Your analysis must converge to "fixpoint", otherwise it will run forever. Converging to fixpoint is just another way of saying "reaching equilibrium". In order to reach equilibrium, your analysis must obey some laws. One of the laws it must obey is that the bottom value1 joined with some other value equals the second value. Or, as an equation:

bottom join x = x

Another law is that your analysis must have a "top value" such that

top join x = top

Having a top value ensures that your semilattice has a finite height, and the law state above ensures that once the dataflow state reaches top, it will no longer change (the fixpoint will be top).


The bottom value's primary purpose is as the initial dataflow state. Each basic block's entry state is initialized to bottom before the analysis starts.

A Brief Example

This section provides a brief example of a simple data-flow analysis at a high level. It doesn't explain everything you need to know, but hopefully it will make the rest of this page clearer.

Let's say we want to do a simple analysis to find if mem::transmute may have been called by a certain point in the program. Our analysis domain will just be a bool that records whether transmute has been called so far. The bottom value will be false, since by default transmute has not been called. The top value will be true, since our analysis is done as soon as we determine that transmute has been called. Our join operator will just be the boolean OR (||) operator. We use OR and not AND because of this case:

let x = if some_cond {
    std::mem::transmute<i32, u32>(0_i32); // transmute was called!
} else {
    1_u32; // transmute was not called

// Has transmute been called by this point? We conservatively approximate that
// as yes, and that is why we use the OR operator.
println!("x: {}", x);

Inspecting the Results of a Dataflow Analysis

Once you have constructed an analysis, you must pass it to an Engine, which is responsible for finding the steady-state solution to your dataflow problem. You should use the into_engine method defined on the Analysis trait for this, since it will use the more efficient Engine::new_gen_kill constructor when possible.

Calling iterate_to_fixpoint on your Engine will return a Results, which contains the dataflow state at fixpoint upon entry of each block. Once you have a Results, you can inspect the dataflow state at fixpoint at any point in the CFG. If you only need the state at a few locations (e.g., each Drop terminator) use a ResultsCursor. If you need the state at every location, a ResultsVisitor will be more efficient.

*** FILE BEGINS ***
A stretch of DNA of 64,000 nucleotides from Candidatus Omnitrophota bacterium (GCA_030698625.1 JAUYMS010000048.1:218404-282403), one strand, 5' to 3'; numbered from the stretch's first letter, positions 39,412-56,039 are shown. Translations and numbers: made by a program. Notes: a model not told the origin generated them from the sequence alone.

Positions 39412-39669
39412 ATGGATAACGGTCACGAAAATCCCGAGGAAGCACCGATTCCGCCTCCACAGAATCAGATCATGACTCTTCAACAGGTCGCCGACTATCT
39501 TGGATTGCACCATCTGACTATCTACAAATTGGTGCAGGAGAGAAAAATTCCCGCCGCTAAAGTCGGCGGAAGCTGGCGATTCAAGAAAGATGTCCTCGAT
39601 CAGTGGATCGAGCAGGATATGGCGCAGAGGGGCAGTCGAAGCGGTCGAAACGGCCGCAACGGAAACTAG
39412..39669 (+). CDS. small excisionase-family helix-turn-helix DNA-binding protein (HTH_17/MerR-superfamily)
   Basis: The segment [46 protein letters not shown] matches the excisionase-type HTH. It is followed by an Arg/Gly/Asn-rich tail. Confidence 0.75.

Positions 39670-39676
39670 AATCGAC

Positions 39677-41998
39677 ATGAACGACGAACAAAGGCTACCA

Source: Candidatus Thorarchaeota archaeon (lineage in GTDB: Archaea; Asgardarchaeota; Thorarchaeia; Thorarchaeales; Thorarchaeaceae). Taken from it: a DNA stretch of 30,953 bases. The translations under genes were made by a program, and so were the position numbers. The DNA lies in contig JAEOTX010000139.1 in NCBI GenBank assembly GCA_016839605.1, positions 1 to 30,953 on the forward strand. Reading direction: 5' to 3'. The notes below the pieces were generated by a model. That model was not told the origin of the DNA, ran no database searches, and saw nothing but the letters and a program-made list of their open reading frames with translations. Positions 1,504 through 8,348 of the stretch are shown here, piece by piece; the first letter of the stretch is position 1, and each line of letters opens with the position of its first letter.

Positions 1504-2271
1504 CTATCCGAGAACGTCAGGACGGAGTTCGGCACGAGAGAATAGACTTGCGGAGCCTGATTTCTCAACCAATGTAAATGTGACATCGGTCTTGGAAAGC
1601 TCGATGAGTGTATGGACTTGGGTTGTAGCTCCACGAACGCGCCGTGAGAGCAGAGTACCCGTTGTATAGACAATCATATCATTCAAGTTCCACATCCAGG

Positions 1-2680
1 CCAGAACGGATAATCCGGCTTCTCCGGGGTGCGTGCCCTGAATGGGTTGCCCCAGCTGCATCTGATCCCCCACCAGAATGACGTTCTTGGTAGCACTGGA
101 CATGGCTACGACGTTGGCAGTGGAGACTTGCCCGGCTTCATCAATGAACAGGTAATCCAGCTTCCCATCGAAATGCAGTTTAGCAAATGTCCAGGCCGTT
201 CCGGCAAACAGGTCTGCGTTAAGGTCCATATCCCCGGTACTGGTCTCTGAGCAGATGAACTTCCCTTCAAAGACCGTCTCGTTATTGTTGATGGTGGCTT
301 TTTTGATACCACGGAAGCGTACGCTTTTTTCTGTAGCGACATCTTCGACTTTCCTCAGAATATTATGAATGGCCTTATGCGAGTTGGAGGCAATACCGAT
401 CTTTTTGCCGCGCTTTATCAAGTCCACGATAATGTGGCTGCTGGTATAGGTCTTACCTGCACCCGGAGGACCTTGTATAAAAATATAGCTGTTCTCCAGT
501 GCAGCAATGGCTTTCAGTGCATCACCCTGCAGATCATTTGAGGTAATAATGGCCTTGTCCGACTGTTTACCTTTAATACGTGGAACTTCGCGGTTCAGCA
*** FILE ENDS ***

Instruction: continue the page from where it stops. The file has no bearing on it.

| into_engine(…)
                            | iterate_to_fixpoint()
                         /     \
 into_results_cursor(…) /       \  visit_with(…)
                       /         \
               ResultsCursor  ResultsVisitor

For example, the following code uses a ResultsVisitor...

// Assuming `MyVisitor` implements `ResultsVisitor<FlowState = MyAnalysis::Domain>`...
let mut my_visitor = MyVisitor::new();

// inspect the fixpoint state for every location within every block in RPO.
let results = MyAnalysis::new()
    .into_engine(tcx, body, def_id)
    .visit_in_rpo_with(body, &mut my_visitor);

whereas this code uses ResultsCursor:

let mut results = MyAnalysis::new()
    .into_engine(tcx, body, def_id)

// Inspect the fixpoint state immediately before each `Drop` terminator.
for (bb, block) in body.basic_blocks().iter_enumerated() {
    if let TerminatorKind::Drop { .. } = block.terminator().kind {
        let state = results.get();
        println!("state before drop: {:#?}", state);

Graphviz Diagrams

When the results of a dataflow analysis are not what you expect, it often helps to visualize them. This can be done with the -Z dump-mir flags described in Debugging MIR. Start with -Z dump-mir=F -Z dump-mir-dataflow, where F is either "all" or the name of the MIR body you are interested in.

These .dot files will be saved in your mir_dump directory and will have the NAME of the analysis (e.g. maybe_inits) as part of their filename. Each visualization will display the full dataflow state at entry and exit of each block, as well as any changes that occur in each statement and terminator. See the example below:

A graphviz diagram for a dataflow analysis